Results 1 to 7 of 7
    • Member Info
      • Native Language:
      • Ukrainian
      • Home Country:
      • Belarus
      • Current Location:
      • Ukraine

    • Join Date: Feb 2011
    • Posts: 425
    #1

    in the last minute

    I know that "at the last minute" is a set phrase. But I wonder whether 'in the last minute' is also possible? I've heard that it literally means during the last minute. Is that true?

    In the last minute of the match he scored.

    Or should it be: "On the last minute of the match he scored".

    I am confused.
    Last edited by Kotfor; 05-Oct-2014 at 08:05.

    • Member Info
      • Native Language:
      • English
      • Home Country:
      • England
      • Current Location:
      • England

    • Join Date: Jun 2010
    • Posts: 24,479
    #2

    Re: in the last minute

    It's more natural to say 'He scored in the last minute (of the match)'.

    • Member Info
      • Native Language:
      • Ukrainian
      • Home Country:
      • Belarus
      • Current Location:
      • Ukraine

    • Join Date: Feb 2011
    • Posts: 425
    #3

    Re: in the last minute

    "On the last minute" doesn't work?

  1. MikeNewYork's Avatar
    • Member Info
      • Native Language:
      • American English
      • Home Country:
      • United States
      • Current Location:
      • United States

    • Join Date: Nov 2002
    • Posts: 24,983
    #4

    Re: in the last minute

    Not for me.

  2. emsr2d2's Avatar
    • Member Info
      • Native Language:
      • British English
      • Home Country:
      • UK
      • Current Location:
      • UK

    • Join Date: Jul 2009
    • Posts: 41,832
    #5

    Re: in the last minute

    In sport, it's "in the last minute of the game/match/half/quarter/race/chukka" etc. It would be the same for the last minute of a film, a conversation, a play etc. In fact, I can't think of any context in which "On the last minute" would be correct.
    Remember - if you don't use correct capitalisation, punctuation and spacing, anything you write will be incorrect.

    • Member Info
      • Native Language:
      • Chinese
      • Home Country:
      • Malaysia
      • Current Location:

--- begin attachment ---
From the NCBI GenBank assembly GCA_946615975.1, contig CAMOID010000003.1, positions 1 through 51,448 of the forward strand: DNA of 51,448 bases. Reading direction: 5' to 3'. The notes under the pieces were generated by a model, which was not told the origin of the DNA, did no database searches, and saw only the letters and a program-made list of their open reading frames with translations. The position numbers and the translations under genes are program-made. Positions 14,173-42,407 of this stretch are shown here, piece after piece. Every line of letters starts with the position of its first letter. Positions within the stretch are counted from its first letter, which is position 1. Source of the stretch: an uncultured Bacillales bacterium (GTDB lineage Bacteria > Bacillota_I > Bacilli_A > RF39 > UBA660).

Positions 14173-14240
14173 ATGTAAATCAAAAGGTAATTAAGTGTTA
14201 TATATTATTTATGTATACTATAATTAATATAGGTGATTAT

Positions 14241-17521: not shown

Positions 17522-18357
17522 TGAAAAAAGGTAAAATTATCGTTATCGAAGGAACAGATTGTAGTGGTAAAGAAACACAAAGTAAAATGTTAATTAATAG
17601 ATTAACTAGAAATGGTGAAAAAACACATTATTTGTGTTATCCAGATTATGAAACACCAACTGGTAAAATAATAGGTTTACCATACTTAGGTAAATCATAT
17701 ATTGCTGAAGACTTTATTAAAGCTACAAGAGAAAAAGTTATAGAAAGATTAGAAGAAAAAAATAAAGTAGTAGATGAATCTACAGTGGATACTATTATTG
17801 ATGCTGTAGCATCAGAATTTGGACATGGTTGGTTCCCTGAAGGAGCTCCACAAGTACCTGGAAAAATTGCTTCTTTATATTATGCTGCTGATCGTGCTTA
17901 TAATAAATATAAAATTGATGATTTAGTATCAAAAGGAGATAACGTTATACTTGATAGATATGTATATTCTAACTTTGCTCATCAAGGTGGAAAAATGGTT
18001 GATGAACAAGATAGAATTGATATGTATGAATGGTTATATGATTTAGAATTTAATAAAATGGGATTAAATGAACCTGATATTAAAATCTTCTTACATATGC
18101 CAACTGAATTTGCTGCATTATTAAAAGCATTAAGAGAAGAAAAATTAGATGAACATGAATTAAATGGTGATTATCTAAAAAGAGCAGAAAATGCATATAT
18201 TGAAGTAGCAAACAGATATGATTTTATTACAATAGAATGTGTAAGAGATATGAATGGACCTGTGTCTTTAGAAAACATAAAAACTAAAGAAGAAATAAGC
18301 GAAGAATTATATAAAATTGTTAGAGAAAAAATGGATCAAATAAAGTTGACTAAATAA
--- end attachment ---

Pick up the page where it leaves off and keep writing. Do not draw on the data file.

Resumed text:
• Malaysia

    • Join Date: Apr 2014
    • Posts: 3,306
    #6

    Re: in the last minute

    not a teacher

    'At the last minute' can also be used.

  3. emsr2d2's Avatar
    • Member Info
      • Native Language:
      • British English
      • Home Country:
      • UK
      • Current Location:
      • UK

    • Join Date: Jul 2009
    • Posts: 41,832
    #7

    Re: in the last minute

    It can, but that is more symbolic of the absolute closing seconds. "In the last minute" simply means "during the final 60 seconds".
    Remember - if you don't use correct capitalisation, punctuation and spacing, anything you write will be incorrect.

Similar Threads

  1. [Grammar] which one is true? one more minute or one minute more
    By mortezarahmani in forum Ask a Teacher
    Replies: 7
    Last Post: 05-Oct-2010, 12:26
  2. To the last minute
    By Daniellll in forum Ask a Teacher
    Replies: 5
    Last Post: 08-Jul-2010, 23:33
  3. [Vocabulary] by the minute
    By Ferdie11 in forum Ask a Teacher
    Replies: 1
    Last Post: 31-May-2010, 09:53
  4. FOR a minute
    By cat's_eyes in forum Ask a Teacher
    Replies: 2
    Last Post: 30-Nov-2009, 17:21
  5. minute
    By kahhong in forum Ask a Teacher
    Replies: 1
    Last Post: 23-Dec-2008, 15:39

Bookmarks

Posting Permissions

  • You may not post new threads
  • You may not post replies
  • You may not post attachments
  • You may not edit your posts
  •